She never stopped learning. Just a week or so before her diagnosis, she was taking an online class, learning how to code for the web; we did a screen-sharing call for me to help with her JavaScript homework.

Leta loved theater, and she was good at it.

Many of you know that she was nominated twice by the WATCH organization (honoring excellence in Washington area community theater), for her roles as Diane in The Little Dog Laughed and Alma in Taking Leave. Personally, I think that she did even better work in two plays by Donald Margulies: Karen in Dinner with Friends and Sarah in Time Stands Still. She was utterly committed to each role, each project, she took on.

She told me about a director who offered her a part; the director said, “there are many people who can do this role, but there are few that I would trust with this role.”

Leta loved theater, and she didn’t mind sharing that love.

She wouldn’t just tell an actor she happened to see in a lobby how much she liked the show—that’s easy. A few months ago, we saw a show downtown, a regional production on its way to Broadway. One thing and another, it was maybe half an hour after curtain that we started walking to the subway; we were blocks away from the theater… and at a crosswalk, she recognized an actor from that show, on his own way home, and she stopped him to say how much the play meant to her.

For all her expansiveness, her extroversion, Leta’s tastes were clean and simple.

She loved the intricate simplicity of a wall drawing by Sol LeWitt, a poem by Langston Hughes, a black and white abstract ballet by George Balanchine, a play of unspoken dread by Harold Pinter. Or just a nice hot cup of tea. When I would come back from a business trip, she didn’t want a fancy gift from the airport shop, but she did expect the free toiletries from the hotel. For fun, we would browse real estate listings, modest little post-war bungalows along Viers Mill Road, houses she called “dumpy.” For her, this was a high compliment.

Leta’s tastes were simple, especially when it came to what she found funny.

The New York Times arts section has a style guide, and it calls for a “Mister” on second reference, even if the subject was someone with a name like Iggy Pop. And so Leta would read about “Mr. Pop,” and dissolve into bubbles of giggles. She is the only person I know who laughed “tee hee.”

I can’t say that Garrison Keillor’s penguin joke was her favorite joke, but it was on her top ten list. So maybe you can help me understand this…

Two penguins are standing on an ice shelf—I don’t know whether they were Adélies or Gentoos or …—getting ready to jump in the ocean and do some fishing.

And the first penguin says, “Say… you look like you’re wearing a tuxedo.”

And the second penguin says, “What makes you think I’m not?”

I think she told it better.

Leta Madeline Hall made the gift of sixteen years of her life to me. Thank you.

Contemporary American Theater Festival 2013

It’s usually the case that two or three of the plays at CATF share a thematic affinity. This year, three shows are connected by the theme of religious zealotry—not precisely extremism, but perhaps overcommitment, to the point of a fault.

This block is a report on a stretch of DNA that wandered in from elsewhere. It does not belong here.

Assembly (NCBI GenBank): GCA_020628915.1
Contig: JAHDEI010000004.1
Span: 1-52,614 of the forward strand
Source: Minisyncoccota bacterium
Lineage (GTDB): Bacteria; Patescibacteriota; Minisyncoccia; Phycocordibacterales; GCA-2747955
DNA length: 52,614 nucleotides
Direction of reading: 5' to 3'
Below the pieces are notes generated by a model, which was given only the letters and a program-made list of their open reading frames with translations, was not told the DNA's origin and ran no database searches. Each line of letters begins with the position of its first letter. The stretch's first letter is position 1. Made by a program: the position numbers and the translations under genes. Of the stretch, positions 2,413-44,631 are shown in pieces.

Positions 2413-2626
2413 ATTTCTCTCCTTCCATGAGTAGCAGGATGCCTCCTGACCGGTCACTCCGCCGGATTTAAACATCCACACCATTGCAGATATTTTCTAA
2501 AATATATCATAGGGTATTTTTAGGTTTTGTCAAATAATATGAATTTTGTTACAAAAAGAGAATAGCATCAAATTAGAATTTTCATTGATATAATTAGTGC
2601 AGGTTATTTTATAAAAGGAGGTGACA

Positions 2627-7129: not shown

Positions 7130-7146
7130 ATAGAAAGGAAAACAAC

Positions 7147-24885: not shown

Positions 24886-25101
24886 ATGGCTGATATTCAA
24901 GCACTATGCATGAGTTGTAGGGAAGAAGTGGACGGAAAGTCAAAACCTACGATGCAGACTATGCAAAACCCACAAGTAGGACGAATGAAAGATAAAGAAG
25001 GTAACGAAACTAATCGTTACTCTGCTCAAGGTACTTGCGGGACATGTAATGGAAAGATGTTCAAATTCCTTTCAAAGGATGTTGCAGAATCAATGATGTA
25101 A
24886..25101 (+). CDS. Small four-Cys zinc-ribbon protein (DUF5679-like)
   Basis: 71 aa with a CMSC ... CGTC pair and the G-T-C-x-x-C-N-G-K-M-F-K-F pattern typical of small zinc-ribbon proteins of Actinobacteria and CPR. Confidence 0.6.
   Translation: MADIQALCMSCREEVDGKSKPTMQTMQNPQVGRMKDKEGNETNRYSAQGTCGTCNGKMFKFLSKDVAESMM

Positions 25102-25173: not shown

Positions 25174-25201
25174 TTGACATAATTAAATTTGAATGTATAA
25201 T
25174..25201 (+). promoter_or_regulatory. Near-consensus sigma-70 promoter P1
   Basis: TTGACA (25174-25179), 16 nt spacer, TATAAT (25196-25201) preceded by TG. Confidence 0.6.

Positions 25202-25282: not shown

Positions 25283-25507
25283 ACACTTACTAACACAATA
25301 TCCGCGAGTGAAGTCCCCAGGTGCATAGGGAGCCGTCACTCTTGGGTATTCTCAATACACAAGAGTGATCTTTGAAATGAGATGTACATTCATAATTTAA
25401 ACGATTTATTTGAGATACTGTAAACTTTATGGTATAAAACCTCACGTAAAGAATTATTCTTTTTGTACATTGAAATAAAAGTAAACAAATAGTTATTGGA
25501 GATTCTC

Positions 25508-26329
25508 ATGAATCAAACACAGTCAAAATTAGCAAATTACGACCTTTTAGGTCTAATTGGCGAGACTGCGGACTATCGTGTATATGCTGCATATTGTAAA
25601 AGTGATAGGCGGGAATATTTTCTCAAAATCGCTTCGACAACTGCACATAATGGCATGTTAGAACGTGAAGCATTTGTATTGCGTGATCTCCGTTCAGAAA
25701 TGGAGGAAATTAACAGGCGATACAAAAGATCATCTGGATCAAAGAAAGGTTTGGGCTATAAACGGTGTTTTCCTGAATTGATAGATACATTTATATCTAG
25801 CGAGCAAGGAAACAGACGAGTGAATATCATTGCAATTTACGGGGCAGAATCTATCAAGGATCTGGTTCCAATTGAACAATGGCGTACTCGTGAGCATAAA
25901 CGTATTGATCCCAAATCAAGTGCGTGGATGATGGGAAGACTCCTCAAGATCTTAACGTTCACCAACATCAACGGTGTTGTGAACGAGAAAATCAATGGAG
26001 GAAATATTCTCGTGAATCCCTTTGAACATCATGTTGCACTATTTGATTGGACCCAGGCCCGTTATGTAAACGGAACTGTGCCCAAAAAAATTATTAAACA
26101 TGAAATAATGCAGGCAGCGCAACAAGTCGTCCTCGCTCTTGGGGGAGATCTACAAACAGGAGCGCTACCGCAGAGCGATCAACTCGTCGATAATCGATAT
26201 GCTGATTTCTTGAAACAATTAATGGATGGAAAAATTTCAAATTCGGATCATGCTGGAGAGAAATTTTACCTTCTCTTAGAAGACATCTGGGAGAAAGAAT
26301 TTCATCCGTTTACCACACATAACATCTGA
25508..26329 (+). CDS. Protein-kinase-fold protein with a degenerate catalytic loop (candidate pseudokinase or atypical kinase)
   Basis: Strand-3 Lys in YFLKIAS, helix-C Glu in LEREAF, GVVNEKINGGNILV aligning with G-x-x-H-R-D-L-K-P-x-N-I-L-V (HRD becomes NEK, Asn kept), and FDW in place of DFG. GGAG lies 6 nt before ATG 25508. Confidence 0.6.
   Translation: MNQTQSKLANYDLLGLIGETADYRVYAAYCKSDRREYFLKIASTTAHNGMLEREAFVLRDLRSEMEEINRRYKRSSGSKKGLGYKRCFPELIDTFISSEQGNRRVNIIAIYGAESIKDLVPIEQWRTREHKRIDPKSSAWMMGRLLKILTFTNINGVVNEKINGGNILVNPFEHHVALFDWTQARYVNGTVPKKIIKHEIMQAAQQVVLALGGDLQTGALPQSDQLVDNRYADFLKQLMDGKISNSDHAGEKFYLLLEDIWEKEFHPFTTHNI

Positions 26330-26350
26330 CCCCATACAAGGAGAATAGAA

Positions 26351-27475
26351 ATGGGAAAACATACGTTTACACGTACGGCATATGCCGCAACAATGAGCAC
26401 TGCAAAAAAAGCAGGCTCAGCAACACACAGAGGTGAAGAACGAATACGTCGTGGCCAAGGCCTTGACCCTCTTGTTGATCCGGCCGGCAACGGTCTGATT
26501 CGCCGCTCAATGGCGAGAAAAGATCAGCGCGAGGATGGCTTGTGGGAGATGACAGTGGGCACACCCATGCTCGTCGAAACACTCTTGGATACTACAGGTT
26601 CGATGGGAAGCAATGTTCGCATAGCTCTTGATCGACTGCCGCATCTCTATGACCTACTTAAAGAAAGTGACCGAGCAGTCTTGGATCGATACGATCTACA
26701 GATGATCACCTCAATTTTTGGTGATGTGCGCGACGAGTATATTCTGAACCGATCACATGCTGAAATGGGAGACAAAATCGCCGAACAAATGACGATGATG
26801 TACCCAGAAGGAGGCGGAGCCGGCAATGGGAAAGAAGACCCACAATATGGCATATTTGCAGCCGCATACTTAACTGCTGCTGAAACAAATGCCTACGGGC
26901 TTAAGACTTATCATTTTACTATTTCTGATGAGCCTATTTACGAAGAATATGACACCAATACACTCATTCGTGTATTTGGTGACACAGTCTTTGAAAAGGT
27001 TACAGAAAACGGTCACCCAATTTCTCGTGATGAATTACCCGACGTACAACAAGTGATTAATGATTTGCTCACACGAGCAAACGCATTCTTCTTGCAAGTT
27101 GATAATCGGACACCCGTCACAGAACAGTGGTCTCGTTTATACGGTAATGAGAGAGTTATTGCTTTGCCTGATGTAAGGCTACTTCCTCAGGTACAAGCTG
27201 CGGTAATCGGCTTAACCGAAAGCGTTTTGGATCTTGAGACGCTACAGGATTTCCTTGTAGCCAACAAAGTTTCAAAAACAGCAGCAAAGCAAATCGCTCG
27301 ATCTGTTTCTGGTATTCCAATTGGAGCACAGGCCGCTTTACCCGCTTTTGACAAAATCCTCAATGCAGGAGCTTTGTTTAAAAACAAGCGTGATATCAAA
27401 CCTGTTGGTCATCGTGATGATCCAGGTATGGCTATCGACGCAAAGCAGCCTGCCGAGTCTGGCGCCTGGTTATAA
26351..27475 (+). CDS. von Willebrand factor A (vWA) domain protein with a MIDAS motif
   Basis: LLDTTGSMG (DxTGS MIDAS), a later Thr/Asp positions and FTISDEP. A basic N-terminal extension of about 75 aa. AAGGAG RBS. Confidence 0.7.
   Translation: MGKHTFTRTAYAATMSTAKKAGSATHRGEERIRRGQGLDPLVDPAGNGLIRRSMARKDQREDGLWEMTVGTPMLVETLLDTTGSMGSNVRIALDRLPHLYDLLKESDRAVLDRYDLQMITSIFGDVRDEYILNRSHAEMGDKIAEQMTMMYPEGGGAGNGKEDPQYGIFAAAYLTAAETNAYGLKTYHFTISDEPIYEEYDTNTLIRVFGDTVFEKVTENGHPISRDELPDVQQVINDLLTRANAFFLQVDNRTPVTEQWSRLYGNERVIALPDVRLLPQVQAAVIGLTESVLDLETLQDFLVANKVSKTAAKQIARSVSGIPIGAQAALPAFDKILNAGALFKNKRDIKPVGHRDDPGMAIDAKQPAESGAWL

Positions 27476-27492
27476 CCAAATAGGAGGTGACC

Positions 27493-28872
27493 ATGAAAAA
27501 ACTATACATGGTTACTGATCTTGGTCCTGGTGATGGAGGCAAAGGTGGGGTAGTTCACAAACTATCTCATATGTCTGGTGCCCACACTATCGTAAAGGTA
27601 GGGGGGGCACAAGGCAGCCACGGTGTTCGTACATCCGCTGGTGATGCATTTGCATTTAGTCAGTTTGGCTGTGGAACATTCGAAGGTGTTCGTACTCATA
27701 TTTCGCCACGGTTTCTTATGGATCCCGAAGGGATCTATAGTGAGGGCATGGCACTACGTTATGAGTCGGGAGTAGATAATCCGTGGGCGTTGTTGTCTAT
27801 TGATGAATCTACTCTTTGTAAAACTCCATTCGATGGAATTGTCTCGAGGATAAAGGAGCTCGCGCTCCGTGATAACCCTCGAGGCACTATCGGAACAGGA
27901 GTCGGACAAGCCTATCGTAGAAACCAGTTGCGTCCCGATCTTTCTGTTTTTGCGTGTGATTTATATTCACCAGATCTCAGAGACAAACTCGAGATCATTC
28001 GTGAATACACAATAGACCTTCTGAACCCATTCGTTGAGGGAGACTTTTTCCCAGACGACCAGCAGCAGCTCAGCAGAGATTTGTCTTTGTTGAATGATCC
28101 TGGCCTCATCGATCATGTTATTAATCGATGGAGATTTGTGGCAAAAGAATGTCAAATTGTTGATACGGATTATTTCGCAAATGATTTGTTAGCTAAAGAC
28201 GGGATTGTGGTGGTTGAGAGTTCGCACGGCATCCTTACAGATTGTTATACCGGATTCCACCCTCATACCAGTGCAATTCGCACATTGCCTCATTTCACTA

The first of these is the drama A Discourse on the Wonders of the Invisible World, by Liz Duffy Adams, which takes place in coastal Massachusetts in 1702, ten years after the Salem witch trials. And indeed, the first act comprises the retrial of Abigail Williams (Susannah Hoffman), one of the accusers and key player in Arthur Miller’s version of events, The Crucible. Abigail finds herself accused of witchcraft herself, via a chain of suspicion and hysteria not unlike Miller’s story. Although, in a sly aside, we are reminded that you can’t trust any of those stories that “the Miller” made up.

One of the most interesting passages is a fanciful recounting of Shakespeare’s Macbeth by the young indentured servant Rebekkah (small but powerful Becky Byers). Rebekkah once visited the big city of New York and observed a touring company production. In her garbled retelling, the Scottish thane is named “MacDeath” and royalty are referred to as governors. (There’s a nice resonance with Anne Washburn’s Mr. Burns, a post-electric play.) There are also hints of another work of Shakespeare’s: a discussion of utopian societies by Abigail and a mysterious stranger (Gerardo Rodriguez) reminds us of The Tempest.

Technical elements are very effective here: the subtle flickering of lamp light from floor-mounted instruments (designed by D. M. Wood); the muffled roar of distant surf at the back of house left (sound design by Eric Shimelonis).

Next is the comedy Modern Terrorism, Or They Who Want to Kill Us and How We Learn to Love Them, by Jon Kern–a very funny farce with death at its center, and the all-around most successful work in the festival. Here the fanatics are a trio of feckless Muslim suicide bombers working out of an apartment in Brooklyn: Qalalaase (Royce Johnson), a Somali who seems to be condemned to the “those who can’t do, teach” track of terrorism; Yalda Abbasi (Mahira Kakkar), a Pakistani woman whose emotions are even more tightly wound than her headscarf; and the moonstruck Rahim Janjua (Omar Maskati), whose fanaticism for the films of George Lucas and the computers of Steve Jobs exceeds his devotion to jihad. Despite all efforts, they find themselves joined by Jerome, their upstairs neighbor (the superb Kohler McKenzie), a stoner who’d never found a purpose in life until he discovered holy war.